The same sections analyzed by electronic microscopy in Fig 3 were also analyzed for the morphology and the number of ISC present in the crypts of wild-type and IL-10-/- mice (Fig 4). In both strains, basal ISC in resting state (yellow arrows) and undifferentiated cells in mitotic phase (red arrows) were observed (Fig 4A). According to the quantitative analyzes, similar number of resting basal ISC were observed between the two mice strains (Fig 4B, left). However, IL-10-/- mice had a significantly higher number of undifferentiated cells in mitotic phase compared to wild-type mice (Fig 4B, right). The mRNA expression levels of Wnt5a and Indian Hedghog (Ihh) were evaluated in IL-10-/- mice given these transcription factors are relevant for the proliferation of stem cells and differentiation of PCs. According to the results, IL-10-/- mice had similar mRNA levels of Wnt5a compared to WT mice (Fig 4C, left). However, IL-10-/- mice showed significantly lower levels of Ihh mRNA (Fig 4C, right) compared to wild-type mice. This transcription factor is mainly expressed by mature PC at the crypt level and limits the proliferation of PCs precursors [24]. Therefore, the lower expression of Ihh detected in IL-10-/- mice is consistent with the high number of immature PC present in this strain.

<h2>The crypts of IL-10<sup>-/-</sup> mice have increased cell proliferation and alterations in secretory lineages allocation.</h2>
Fig. 4.

The crypts of IL-10-/- mice have increased cell proliferation and alterations in secretory lineages allocation.


(A) Ileum crypts of C57BL/6 and IL-10-/- mice evaluated by transmission electron microscopy (scale bar is 10μm). In both strains were observed basal intestinal stem-cells (ISC) in resting state (yellow arrows) and undifferentiated cells in mitotic phase (red arrows). The black arrow shows a Paneth cell with intermediate granules located in the bottom of the crypt of an IL-10-/- mouse. (B) Quantitative analysis of the number of basal ISC in resting state and undifferentiated cells in mitotic phase (red arrows) present in the crypts of C57BL/6 (n = 29 crypts) and IL-10-/- (n = 20 crypts) mice (t-test *p˂0.05). (C) Relative expression of Wnt5a and Ihh in ileum sections of WT (n = 5) and IL-10-/- (n = 6) mice (U-test Mann Whitney *p˂0.05).

Interleukin-10 deficient mice exhibit an altered expression of bactericidal peptides

To assess the effect of IL-10 deficiency over the content of bactericidal peptides in PCs, bactericidal peptides were analyzed by qRT-PCR in these cells from IL-10-/- and WT (Fig 5). Particularly, we analyzed peptides like cryptdins and lysozyme that are specific peptides of PC, while RegIIIγ is also expressed in the rest of the epithelium [25].

<h2>Paneth cells of IL-10<sup>-/-</sup> mice had a reduced expression of Cryptdin-4 mRNA transcripts and an abnormal packing of Lysozyme.</h2>
Fig. 5.

Paneth cells of IL-10-/- mice had a reduced expression of Cryptdin-4 mRNA transcripts and an abnormal packing of Lysozyme.


(A) Relative expression of cryptdin-1, cryptdin-4, RegIIIγ and lysozyme mRNA in ileum sections of C57BL/6 (n = 9) and IL-10-/- (n = 6) mice (t-student, *p˂0.05). (B) Representative images of lysozyme immunodetection in Lieberkühn crypts of C57BL/6 and IL-10-/- mice. Yellow arrows indicate abnormal granules size and distribution. Red arrow indicates diffuse cytoplasmic content.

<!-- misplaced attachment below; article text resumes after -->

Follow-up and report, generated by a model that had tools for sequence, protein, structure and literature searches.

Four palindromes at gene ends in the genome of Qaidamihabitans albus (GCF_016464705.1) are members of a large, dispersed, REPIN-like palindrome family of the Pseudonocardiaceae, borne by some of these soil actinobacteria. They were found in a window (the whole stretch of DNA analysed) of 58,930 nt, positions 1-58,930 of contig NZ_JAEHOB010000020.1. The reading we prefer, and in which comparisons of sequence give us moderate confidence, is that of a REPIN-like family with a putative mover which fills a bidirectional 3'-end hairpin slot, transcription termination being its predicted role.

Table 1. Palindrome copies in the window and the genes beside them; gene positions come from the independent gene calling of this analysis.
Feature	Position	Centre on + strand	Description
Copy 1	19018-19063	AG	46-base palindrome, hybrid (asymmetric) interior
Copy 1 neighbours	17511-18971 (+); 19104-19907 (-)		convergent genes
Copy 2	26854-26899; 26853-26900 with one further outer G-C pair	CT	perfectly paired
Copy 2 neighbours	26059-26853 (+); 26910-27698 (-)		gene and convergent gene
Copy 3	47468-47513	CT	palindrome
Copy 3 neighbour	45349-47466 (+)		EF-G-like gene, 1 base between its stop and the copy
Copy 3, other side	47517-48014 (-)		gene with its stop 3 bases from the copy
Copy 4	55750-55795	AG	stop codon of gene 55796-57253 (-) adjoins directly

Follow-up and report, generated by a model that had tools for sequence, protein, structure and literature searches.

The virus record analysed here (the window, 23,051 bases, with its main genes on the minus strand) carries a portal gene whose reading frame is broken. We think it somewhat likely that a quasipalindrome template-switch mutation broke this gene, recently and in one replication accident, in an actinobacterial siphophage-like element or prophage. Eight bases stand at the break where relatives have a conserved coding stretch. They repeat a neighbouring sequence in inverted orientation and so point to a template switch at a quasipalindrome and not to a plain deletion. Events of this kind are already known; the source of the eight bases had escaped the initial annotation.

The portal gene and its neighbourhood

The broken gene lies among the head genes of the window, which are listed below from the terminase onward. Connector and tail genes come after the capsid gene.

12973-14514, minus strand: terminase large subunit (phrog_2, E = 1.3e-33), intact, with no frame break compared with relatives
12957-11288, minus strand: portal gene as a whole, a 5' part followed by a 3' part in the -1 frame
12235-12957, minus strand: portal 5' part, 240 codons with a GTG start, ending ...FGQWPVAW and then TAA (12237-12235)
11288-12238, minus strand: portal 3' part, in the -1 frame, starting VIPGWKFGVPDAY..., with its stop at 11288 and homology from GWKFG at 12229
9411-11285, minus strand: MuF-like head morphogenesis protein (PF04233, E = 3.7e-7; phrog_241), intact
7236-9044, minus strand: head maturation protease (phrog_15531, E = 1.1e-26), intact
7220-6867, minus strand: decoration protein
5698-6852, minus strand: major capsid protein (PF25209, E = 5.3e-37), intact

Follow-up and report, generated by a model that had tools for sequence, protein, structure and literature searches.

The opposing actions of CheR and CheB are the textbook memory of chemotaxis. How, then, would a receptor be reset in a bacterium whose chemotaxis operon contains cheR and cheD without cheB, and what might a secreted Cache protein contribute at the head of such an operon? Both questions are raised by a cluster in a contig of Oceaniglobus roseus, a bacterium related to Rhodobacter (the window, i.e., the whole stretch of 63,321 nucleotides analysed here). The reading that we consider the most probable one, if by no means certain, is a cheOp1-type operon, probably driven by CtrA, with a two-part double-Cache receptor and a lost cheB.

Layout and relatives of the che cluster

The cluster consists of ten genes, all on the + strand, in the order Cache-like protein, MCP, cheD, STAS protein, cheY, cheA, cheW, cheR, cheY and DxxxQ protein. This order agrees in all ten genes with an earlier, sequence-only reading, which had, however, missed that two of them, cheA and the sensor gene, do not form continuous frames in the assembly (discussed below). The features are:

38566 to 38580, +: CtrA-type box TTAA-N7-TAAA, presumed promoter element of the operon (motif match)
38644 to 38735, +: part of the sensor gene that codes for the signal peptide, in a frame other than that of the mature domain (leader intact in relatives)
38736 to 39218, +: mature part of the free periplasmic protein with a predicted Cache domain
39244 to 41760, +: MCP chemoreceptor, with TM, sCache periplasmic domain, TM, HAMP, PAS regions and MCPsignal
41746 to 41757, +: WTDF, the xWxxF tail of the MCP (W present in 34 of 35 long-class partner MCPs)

According to the analysis of the results obtained by qRT-PCR, a significant reduced gene expression of cryptidin-4 was detected in IL-10-/- mice as compared to WT mice (Fig 5A). Even though, the levels of cryptydin-1 mRNA tended to be lower in IL-10-/- mice compared to WT mice there was not significant difference between these two groups (Fig 5A). Regarding the gene expression of lysozyme and RegIIIγ, no differences were found between both mice strains (Fig 5A).

On the other hand, in order to analyze the packing of the granular content, the presence of the lysozyme was evaluated by immunofluorescence of ileum sections [20]. According to these results, and consistently to the results obtained previously, IL-10-/- mice did not present differences in the number of cells positives for lysozyme (Lys+). However, the presence of granules of heterogeneous sizes and variable distribution of this peptide was observed between different PCs of IL-10-/- mice. This was not observed in WT mice which, granules were circular and uniform (Fig 5B).

In order to evaluate the role of the microbiota in the phenotype observed and to rule-out that the results are due to the IL-10-/- mice could harbor a colitogenic microbiota. The number of intermediate cells per crypt in IL-10-/- mice was analyzed after these mice were exposed to specific-pathogen-free conditions (SPF) or to an inflammatory environment as it is conventional microbiota (Fig 6). According to the results, IL-10-/- mice exposed to conventional microbiota presented more severe intestinal inflammation and signs of colitis than IL-10-/- mice maintained under SPF conditions (Fig 6A). Intestinal inflammation and the number of intermediate cells were also analyzed by histology of intestinal sections stained with H&E and AB-PAS, respectively (Fig 6B). Ileum and distal colon showed significant higher score of intestinal inflammation in those mice exposed to conventional microbiota than those IL-10-/- mice maintained under SPF conditions (Fig 6C). Interestingly, mice IL-10-/- exposed to conventional microbiota had similar number of intermediate cells per crypt compared to IL-10-/- mice maintained under SPF (Fig 6D). There is only a slight increase in the number of intermediate cells in higher positions in response to the conventional microbiota. This phenomenon normally occurs in reparative processes of the crypt, where there is an expansion of intermediate cells to replenish the damaged epithelium [21].